The PureTech Ventures Example
In early May 2011, Daphne Zohar, founder and managing partner of PureTech Ventures, a life science venture creation company in Boston, MA, had essentially four options:
The Third Option
As far as the third option goes, it seems very unlikely as closing a round of financing with the VC is a clear signal to the willingness of PureTech to engage in potential future financing. This will cause potential pharmaceutical partners to distance themselves from a possible deal. Therefore combining both delas, even though an option , should not be pursued. The fourth option would be on a very good approach as it aligns with PureTech interests of non-dilutive financing, but unfortunately it is not on the table for this case, so it has to be ruled out. PureTech is left with essentially deciding between a strategic partner and a VC.After analyzing both scenarios it is clear that they are almost perfect opposites of each other. There are different costs and interest that are involved with each one.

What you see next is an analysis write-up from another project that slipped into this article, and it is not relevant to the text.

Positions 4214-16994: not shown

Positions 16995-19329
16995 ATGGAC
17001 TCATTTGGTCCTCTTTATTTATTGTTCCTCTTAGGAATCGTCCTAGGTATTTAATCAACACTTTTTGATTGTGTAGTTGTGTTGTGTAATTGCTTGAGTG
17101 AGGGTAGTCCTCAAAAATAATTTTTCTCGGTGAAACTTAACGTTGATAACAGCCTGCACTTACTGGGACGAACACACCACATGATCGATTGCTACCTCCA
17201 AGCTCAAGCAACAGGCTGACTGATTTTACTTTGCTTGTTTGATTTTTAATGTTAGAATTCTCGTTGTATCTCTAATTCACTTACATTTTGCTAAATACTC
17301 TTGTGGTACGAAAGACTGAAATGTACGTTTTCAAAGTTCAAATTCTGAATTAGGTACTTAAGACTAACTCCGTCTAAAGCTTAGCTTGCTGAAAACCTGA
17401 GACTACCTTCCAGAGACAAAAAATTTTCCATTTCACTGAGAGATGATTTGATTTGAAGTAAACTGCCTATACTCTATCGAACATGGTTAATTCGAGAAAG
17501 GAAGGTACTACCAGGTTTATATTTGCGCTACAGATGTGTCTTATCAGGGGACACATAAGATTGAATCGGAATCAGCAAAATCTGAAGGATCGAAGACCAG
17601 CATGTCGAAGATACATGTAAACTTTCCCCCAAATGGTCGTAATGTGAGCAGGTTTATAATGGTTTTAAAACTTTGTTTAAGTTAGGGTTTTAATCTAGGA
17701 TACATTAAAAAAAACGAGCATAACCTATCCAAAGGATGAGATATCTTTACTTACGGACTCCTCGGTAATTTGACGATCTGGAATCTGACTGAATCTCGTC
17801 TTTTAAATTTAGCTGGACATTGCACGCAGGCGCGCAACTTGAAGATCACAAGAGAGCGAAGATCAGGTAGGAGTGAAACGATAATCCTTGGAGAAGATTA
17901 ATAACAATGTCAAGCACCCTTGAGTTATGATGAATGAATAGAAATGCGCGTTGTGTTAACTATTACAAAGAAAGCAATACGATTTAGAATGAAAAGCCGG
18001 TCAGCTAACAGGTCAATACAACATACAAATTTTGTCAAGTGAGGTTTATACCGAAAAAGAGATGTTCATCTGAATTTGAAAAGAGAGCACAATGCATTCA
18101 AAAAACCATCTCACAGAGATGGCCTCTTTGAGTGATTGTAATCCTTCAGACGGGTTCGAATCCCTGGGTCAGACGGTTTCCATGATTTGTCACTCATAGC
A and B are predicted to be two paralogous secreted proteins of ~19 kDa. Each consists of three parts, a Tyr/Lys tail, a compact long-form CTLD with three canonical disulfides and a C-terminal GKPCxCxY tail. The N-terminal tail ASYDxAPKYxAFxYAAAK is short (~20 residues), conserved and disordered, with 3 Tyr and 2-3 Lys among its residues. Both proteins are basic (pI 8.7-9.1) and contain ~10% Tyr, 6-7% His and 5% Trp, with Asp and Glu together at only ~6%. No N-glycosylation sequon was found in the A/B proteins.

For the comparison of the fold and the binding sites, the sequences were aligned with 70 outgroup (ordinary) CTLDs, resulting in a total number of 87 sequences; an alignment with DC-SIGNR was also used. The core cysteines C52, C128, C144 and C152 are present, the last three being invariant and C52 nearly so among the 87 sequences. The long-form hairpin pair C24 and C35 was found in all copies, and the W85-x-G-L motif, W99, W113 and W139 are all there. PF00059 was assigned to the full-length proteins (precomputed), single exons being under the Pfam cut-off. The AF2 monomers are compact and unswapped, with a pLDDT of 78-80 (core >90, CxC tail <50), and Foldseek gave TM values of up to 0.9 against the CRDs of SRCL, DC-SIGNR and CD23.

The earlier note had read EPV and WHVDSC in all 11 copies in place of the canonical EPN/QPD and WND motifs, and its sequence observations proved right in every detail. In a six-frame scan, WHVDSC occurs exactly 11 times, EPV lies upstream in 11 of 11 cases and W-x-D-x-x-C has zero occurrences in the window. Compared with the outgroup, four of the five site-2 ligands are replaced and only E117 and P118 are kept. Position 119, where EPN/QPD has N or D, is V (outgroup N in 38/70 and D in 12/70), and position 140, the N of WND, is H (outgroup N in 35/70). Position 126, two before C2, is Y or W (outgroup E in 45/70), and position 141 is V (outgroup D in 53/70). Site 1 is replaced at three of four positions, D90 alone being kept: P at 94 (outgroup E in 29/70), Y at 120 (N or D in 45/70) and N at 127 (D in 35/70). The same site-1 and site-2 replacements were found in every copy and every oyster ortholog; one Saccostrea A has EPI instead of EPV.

PureTech strategy is simple, create quality startup companies and raise money through non-dilutive financing. Also PureTech would like to closely help these startup companies as much as they can and look for potential partners to join them or acquire them in the future. PureTech has developed a good network and relationship with pharmaceutical companies in the industry and has shown that is not interested in going to an IPO as soon as they can. These interest clash with those of the VC. A VC would not be interested in long time relationship with the company or possible strategic partners which might help with other startups in the future. They are only interested in getting as much profit out of the venture in which they have invested their capital. PureTech might wants to maximize their return on every single deal they make, but they have the vision to look at a bigger picture which the VC has not interest.